I’ve had this old PC hanging around the place for some time, and recently I decided to do a revival job on it. It’s an Athlon X2 6400+, the result of a build I first did in early 2008. Back then the PC had the following specs:
- Athlon X2 3600+ CPU
- 2GB RAM
- 2 x 320GB Western Digital hard drives
- nVidia 7600GT video card with 256MB GDDR3
- Gigabyte GA-590SLI-G5 motherboard
- DVD rewriter
- Windows Vista
It was a pretty decent PC. I tried to rig it up using the onboard RAID so that if one hard drive failed the other could still be used, but I didn’t do too well at getting it working well, so I decided to use one drive for the OS and the other for swap and extra storage space.
Several upgrades later and the system now sports the following:
- Athlon X2 6400+ CPU
- 4GB RAM
- 128GB SSD
- 320 hard drive
- 2 x nVidia GTX560 Ti video cards in SLI configuration
- Windows 10 & Linux Mint 17.2
- Same motherboard and optical drive.
The Old PC – upgraded. The power cables need some tidying up. Note the two GTX560 Ti’s and the SLI bridge.
It was a fun build, and it will certainly function well as a backup PC, but for now I don’t have a great deal of use for it, other than to play around with seeing how games run on an older system, and to try out the odd Linux app.
I partitioned the SSD that Windows 10 and Linux Mint shared the drive – 64 GB each – and the hard drive was partitioned similarly so that each had about 160 GB for apps and swap. The SSD made booting nice and fast, once the PC had made it past the slow old BIOS. The SSD is SATA2, but that’s perfect for this build as the motherboard only supports SATA2 anyway.
SLI was simple enough to get going under Windows 10, but it was a different story with Linux Mint. Mint does not use the official nVidia driver, so I needed to install it manually. After trying others’ solutions that involved editing the xorg.conf file (which didn’t work) I came one that required me to completely delete all previous drivers and reinstall the latest nVidia driver, all from the command line (unfortunately I can’t find the post). Only to find out about the ‘broken’ state of SLI on Linux. Perhaps this at least partly explained why Borderlands The Pre-Sequel performed noticeably better on Windows than on Linux. Maybe I’ll do some benchmarking on games on Linux and Windows some day and post the results.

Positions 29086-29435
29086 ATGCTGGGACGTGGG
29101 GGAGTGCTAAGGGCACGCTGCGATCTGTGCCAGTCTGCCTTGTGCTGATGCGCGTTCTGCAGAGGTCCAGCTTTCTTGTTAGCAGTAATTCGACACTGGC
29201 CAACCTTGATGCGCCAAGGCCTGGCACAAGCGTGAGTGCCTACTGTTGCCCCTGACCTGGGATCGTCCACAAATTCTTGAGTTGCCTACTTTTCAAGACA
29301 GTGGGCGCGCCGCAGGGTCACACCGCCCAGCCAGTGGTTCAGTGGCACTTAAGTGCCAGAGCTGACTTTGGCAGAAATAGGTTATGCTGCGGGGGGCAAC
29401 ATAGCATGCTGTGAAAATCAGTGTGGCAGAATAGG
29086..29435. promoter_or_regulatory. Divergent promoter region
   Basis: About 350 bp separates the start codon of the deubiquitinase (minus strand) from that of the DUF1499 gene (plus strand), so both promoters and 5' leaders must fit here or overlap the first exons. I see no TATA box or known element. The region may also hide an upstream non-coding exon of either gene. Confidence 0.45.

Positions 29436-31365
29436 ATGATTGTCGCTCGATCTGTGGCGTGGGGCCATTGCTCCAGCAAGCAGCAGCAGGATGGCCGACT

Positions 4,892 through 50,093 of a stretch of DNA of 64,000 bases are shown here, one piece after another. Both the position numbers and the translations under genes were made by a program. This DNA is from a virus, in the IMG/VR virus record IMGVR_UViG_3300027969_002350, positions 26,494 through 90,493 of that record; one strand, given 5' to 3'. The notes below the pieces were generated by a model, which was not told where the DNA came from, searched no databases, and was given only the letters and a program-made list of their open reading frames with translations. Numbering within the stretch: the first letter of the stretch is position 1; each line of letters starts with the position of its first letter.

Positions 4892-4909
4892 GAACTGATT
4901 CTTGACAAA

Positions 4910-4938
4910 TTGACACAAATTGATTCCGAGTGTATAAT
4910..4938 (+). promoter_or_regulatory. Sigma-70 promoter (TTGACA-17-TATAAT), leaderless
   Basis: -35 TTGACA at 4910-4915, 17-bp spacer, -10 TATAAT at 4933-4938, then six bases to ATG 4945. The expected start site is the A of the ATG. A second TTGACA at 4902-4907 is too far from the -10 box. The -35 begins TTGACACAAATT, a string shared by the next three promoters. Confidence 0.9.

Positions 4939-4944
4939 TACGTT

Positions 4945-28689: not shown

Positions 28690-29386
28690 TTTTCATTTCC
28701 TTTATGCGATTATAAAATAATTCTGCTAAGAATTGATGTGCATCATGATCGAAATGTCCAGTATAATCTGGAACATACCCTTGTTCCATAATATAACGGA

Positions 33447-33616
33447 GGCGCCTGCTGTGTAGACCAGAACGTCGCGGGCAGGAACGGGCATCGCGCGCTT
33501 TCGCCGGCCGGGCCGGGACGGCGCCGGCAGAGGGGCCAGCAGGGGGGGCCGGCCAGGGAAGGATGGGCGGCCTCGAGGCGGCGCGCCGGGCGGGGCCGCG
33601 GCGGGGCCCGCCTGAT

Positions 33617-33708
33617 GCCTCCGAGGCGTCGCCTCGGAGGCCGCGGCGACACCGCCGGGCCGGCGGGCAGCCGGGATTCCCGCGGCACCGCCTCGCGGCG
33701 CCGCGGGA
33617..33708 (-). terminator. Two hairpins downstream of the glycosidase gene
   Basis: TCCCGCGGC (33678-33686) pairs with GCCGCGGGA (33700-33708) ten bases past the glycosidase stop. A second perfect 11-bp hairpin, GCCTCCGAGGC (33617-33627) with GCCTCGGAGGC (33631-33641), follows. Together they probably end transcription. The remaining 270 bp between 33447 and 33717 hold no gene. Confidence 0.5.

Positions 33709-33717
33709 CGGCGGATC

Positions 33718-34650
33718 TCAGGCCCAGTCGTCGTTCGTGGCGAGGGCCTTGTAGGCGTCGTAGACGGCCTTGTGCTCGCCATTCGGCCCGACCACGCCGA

Networking is a little dodgy. The motherboard has two gigabit ethernet ports, but unfortunately I’ve maxed out the ethernet ports on the room’s 8-port switch. I decided to dig out an old 802.11g (54Mbit) wireless card I had lying around and install that. The PC is just out of range of the house’s wireless access point, so I utilised internet sharing over wireless on the iMac. This gives me a 20 Mbit connection, which is a bit naff for local file transfers, but acceptable for our 50 Mbit fixed-wireless NBN connection.
I am interested to know how much power the system is drawing. Although I haven’t fully checked it out, with two old nVidia cards and a CPU with a 125 watt power draw, during SLI gaming I daresay it’s straining the 650 watt PSU, though so far I haven’t had any problems. Though it does make a heater redundant during the winter with the other three or four systems going on (two PCs and two Macs).
To round out the system I connected a HP L2445w 1920×1200 24″ monitor, much like the one I use for my main desktop. I also used an old Microsoft optical mouse and a cruddy old Dick Smith keyboard, the keys of which feel pretty yuck under my fingers, but it’s adequate for what I use the system for. Sound is provided via my AKG K99 headphones. Unfortunately the onboard sound suffers from inteference, but I have an old Sound Blaster from the system’s original build lying around, so I might install that some time.
Anyway, it will be interesting to see if what uses I can come up with for the PC. No need to use it as a file server or jukebox, as those are taken care of by my Synology DS-211 server. If you have any ideas feel free to let me know